Friday, January 22, 2010

June 1941, Again?

"Don't assume that Russia and America will be adversaries forever. Given the nature and the magnitude of the negativity marking the current stage of the American-Russian relations, the very thought of an alliance between the two countires looks outright absurd to many people. Regardless of the presence of seemingly insurmountable obstacles, American-Russian relations could offer a dramatic U-turn to a stunned world. Why? The answer to this question is both logical and simple: The spread of radical Islam thoughout the Muslim world and the quickly advancing Islamization of Europe could bring to life this unlikely and, according to many experts, even impossible scenario. ... The main problem from the Russian side is the hysterical anti-Americanism which has become the essence of Russian foreign policy. ... Maybe the most important among them is the negative image of the [US] created by totalitarian propaganda during the Soviet era. The image in question has been powerfully reinforced by the chaos and corruption that plagued Russia in place of the long-expected triumph of Democracy. ... How exactly would Russia benefit from a Vietnam-style American withdrawal from Afghanistan? In fact, an American abandonment of Afghanistan will trigger nothing short of a disaster for Russia. ... And let's not ignore a very important fact: Those Muslim neighbors share an almost 1,900-mile-long border with Afghanistan, which is as porous as the border between Afghanistan and Pakistan. A Taliban victory would represent a huge boost to the activities of radical Islamists whose influence is growing in Central Asia. ... Given the magnitude of that danger, the changing demography of the country as a result of the reduction of the Russian component of the country's population provides grounds for a lot of sobering thoughts. Another important factor influencing the Russian policymakers is the proximity of the dramatically underpopulated Russian Far East to the overpopulated border areas of China. ... Of course, the old rule stipulating that 'it takes two to tango' is fully applicable to the area of foreign policy. Undoubtedly, within US corridors of power, Russia is regarded not only as a former enemy, but also as a current and future rival. American policymakers committed a huge mistake by not taking advantage of the positive attitude of Mr. Putin's government to the [US] in the immediate aftermath of 9/11. ... World public opinion supported the American action designed to terminate the ethnic cleansing of the Albanian community committed by the Milosevic regime. At the same time, however, the [US] did not protect the Serbian residents of Kosovo when they too became victims of ethnic cleansing. The inconsistency brought about a powerful negative reaction in Russia, a traditional Serbian ally and protector. What matters the most today, however, is that fact that America needs Russia to the same degree that Russia needs America. ... Well, looking back in time, those differences didn't prevent the emergence of the WWII-era American-Soviet alliance that buried all of Hitler's dreams and ambitions. ... The new relationship between the [US] and Russia would open the door for the creation of a brand-new system of international relations by including Europe, China, and India, all targeted and coverted by radical Islam, into the alliance. The emergence of such a structure would increase the chances of finding the correct approach to separting the majority of the world's Muslim community from the radical minority trying to establish world domination", my emphasis, Georgy Gourney (GG) at American Thinker, 26 December 2009, link:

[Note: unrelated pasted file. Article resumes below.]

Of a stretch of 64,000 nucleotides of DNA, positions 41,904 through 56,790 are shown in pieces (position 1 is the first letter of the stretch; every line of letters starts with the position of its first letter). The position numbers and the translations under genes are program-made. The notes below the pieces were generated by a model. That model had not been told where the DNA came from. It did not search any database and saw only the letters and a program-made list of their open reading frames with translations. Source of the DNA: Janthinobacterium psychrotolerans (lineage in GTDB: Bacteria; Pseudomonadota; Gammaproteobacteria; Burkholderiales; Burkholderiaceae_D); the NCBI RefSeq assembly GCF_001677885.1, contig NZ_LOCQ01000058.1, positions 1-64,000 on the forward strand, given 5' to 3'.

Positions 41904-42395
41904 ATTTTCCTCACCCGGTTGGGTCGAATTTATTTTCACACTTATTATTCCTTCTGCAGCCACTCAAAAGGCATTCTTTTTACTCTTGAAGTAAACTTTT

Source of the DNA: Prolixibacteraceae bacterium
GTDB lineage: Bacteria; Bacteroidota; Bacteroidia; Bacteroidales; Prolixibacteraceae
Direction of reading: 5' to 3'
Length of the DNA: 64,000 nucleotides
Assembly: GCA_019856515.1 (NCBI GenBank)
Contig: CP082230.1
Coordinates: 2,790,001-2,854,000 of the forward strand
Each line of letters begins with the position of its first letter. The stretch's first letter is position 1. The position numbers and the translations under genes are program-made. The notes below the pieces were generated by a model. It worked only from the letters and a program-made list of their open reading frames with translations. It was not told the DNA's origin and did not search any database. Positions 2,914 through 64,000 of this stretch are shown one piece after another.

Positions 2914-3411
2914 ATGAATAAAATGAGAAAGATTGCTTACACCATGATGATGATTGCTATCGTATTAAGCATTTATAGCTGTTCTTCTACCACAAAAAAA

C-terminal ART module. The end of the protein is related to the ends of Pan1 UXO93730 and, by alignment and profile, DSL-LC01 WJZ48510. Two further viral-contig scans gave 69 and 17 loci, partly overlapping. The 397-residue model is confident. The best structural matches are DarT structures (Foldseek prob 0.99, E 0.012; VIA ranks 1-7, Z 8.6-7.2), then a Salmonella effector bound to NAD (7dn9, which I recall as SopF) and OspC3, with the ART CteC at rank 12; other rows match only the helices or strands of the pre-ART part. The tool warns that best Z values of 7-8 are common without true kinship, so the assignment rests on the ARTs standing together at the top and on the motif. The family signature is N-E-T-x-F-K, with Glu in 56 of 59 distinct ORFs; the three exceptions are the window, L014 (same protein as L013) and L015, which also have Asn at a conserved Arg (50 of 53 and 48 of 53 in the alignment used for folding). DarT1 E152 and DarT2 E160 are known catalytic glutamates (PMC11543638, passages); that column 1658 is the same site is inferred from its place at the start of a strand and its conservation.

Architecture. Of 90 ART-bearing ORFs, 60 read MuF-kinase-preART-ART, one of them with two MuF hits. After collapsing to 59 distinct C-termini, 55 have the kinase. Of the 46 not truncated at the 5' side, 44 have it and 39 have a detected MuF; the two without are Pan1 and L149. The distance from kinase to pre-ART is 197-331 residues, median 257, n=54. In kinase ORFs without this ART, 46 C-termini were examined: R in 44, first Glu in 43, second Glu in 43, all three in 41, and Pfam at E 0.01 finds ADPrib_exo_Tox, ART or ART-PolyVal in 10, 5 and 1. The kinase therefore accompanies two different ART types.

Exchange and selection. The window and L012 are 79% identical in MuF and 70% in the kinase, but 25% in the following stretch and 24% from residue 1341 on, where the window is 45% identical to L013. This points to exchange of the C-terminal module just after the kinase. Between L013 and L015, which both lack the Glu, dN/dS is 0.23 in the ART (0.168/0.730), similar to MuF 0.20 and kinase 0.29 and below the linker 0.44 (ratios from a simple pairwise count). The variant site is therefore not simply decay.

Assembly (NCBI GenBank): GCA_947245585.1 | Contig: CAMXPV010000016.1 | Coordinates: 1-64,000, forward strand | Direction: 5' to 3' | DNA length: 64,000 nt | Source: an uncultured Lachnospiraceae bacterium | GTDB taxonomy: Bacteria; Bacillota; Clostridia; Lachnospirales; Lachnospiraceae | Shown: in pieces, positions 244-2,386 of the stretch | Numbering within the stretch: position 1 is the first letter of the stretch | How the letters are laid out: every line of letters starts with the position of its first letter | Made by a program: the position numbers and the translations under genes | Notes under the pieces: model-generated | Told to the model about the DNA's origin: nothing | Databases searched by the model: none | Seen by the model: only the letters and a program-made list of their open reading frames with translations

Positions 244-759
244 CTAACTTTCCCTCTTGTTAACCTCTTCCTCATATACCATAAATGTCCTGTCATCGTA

GG got a PhD from the Moscow Institute of Foreign Relations. I oppose our antagonistic policy toward Russia. Our 1998 actions in Serbia did not ingratiate us to the Moslem world, but furthered the jihad. I believe Ralph Peters shortly after 9/11 suggested the: US, Russia, India, Israel and China form an alliance to fight Jihadism. Imagine had this happened, the US and Russia could have presented Iran an ultimatum, replete with pictures of Dresden and Berlin: stop all nuclear activities or this is your fate, that of Germany in 1945. My guess, within a few weeks, Iran's military will have slaughtered its Mullahs and given US-Russian teams free reign to look at anything in Iran. Instead, the US kisses Saudi Arabia's arse. The US should try to avoid a Moslem-controlled Russia with 6,500 "deliverables". I infintely prefer Putin's Russia to that. I disagree with GG as to what prevents the alliance: it's current US policy in Georgia, Poland, Serbia, etc. We offer Russia no "quid pro quo" for its support. I agree with GG, our Afghanistan war is Russia's fight. Look at a map. The US need not worry about "world public opinion". How many divisions has the world? I wonder what the alumni of Princeton's Wilson and Harvard's Kennedy Schools think of this? See my 24 and 28 August 2008 posts:

1 comment:

Independent Accountant said...

The connection to June 1941 is: Germany's invasion of Russia pushed the US and Russia into an alliance. Similarly, Russia's problems with China and Islam could push us together again.